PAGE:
A majority of cybersecurity professionals think cybercriminals are interfering in the U.S. election, and agree with the 2016 Republican Party platform endorsing strike-backs against hackers, a new study from cybersecurity company Tripwire found.
The breach of the Democratic National Committee's computer network and subsequent leaks of sensitive information so close to the U.S. election is the most high-profile way in which cybercriminals are trying to manipulate the election, wrote Tripwire director of IT security and risk strategy Tim Erlin.
The FBI is investigating the hack, which security experts have said would be in keeping with Russian tactics.
Two-thirds of respondents said cybercriminals were influencing the outcome of the upcoming election and the vast majority of respondents — 82 percent — believed that state-sponsored attacks around elections should be considered acts of cyberwar.
Just over half of the respondents — 55 percent — agreed with a proposal in the GOP Party's 2016 platform that would allow victims of such attacks to retaliate by hacking back, a proposal that was widely criticized by many tech experts when it was first revealed in July.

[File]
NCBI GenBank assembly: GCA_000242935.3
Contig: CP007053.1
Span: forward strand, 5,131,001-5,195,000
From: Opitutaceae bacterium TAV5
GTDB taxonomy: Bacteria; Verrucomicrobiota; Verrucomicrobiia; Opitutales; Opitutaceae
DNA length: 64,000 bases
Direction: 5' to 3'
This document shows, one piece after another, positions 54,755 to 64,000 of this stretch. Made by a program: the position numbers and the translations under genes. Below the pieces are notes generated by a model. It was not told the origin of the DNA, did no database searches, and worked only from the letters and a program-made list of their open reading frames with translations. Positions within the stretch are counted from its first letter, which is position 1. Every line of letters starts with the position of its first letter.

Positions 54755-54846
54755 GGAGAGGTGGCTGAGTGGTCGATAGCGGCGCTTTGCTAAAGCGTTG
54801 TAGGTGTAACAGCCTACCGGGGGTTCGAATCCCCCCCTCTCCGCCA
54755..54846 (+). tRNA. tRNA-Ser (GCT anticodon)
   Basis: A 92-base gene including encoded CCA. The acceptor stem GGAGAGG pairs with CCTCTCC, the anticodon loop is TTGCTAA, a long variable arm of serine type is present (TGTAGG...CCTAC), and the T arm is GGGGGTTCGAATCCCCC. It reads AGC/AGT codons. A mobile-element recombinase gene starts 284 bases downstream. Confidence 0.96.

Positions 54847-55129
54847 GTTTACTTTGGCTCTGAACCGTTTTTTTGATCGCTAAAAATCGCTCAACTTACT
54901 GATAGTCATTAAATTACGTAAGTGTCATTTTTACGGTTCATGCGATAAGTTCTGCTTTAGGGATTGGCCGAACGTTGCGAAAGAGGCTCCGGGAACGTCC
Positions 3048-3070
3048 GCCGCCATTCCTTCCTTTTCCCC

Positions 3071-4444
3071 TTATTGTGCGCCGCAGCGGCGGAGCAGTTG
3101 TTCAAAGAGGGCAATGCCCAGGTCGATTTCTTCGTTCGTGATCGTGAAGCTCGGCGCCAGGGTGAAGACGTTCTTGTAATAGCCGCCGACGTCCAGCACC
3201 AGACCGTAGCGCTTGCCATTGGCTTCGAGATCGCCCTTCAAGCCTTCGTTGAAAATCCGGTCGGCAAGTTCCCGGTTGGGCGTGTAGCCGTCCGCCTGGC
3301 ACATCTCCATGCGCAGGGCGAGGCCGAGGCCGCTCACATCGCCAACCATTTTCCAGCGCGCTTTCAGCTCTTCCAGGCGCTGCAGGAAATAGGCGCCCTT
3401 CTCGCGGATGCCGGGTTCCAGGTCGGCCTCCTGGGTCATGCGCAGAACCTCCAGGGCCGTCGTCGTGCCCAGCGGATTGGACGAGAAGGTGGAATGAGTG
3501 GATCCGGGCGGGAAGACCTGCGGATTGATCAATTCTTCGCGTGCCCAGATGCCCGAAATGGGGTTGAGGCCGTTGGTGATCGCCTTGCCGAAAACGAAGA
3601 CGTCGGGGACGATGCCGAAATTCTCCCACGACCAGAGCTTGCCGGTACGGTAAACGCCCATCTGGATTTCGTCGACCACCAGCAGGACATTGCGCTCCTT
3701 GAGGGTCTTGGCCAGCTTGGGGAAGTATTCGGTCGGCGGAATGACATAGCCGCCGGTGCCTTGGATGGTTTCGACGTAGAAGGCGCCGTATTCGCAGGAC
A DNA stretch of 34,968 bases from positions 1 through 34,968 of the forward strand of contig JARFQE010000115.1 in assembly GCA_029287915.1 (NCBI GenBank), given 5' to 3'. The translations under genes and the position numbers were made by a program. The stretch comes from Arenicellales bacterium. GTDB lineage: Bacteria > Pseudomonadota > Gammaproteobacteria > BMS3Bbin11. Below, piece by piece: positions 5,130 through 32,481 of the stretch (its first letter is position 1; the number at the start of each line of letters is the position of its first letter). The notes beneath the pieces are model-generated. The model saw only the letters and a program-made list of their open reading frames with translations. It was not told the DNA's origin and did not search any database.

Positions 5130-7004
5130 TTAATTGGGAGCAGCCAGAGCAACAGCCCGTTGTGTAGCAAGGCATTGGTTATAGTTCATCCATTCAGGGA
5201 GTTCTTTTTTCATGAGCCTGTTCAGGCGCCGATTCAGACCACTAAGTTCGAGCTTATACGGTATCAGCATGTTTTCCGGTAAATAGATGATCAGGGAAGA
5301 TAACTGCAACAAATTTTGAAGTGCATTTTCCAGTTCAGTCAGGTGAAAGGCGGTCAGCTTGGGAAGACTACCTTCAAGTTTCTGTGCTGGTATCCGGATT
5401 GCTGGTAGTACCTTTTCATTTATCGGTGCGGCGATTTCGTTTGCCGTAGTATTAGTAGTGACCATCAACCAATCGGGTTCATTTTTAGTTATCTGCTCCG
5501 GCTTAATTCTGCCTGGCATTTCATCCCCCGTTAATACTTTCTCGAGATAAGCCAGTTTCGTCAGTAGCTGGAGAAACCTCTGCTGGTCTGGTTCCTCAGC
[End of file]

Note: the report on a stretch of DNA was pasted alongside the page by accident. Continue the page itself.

In a section titled "Facing 21st Century Threats: Cybersecurity in an Insecure World," the GOP platform suggests how the U.S. should launch counterattacks against state sponsored cyberattacks from Russia and China and other hostile actors.
"Our response should be to cause diplomatic, financial, and legal pain," says the document. "We will explore the possibility of a free market for Cyber-Insurance and make clear that users have a self-defense right to deal with hackers as they see fit."
Attribution of cyberattacks is extremely difficult, which is a strong counter-argument against encouraging victims to retaliate, wrote Dwayne Melancon, Tripwire's chief technology officer and vice president of research and development.
"Investigations sometimes discover that attacks appearing to come from other countries actually have a command and control base in the U.S., and vice versa," he wrote. "If a cyberattack escalates into war or retribution, you'd better be certain of its origin."
Cyber-attacks will happen on election day, Lamar Bailey, senior director of security research and development at Tripwire wrote in the press release. Rather than a large-scale attack akin to the DNC hack — which takes a lot of time and resources — hackers are much more likely to attempt to discredit the results of the U.S. election with lots of small attacks on various states and counties, he wrote.
"It could be like the 2000 election but with a virtual hanging chad," Bailey warned.
Tripwire interviewed more than 220 security professionals at the annual Black Hat security conference in Las Vegas, NV which runs from July 30 to August 4.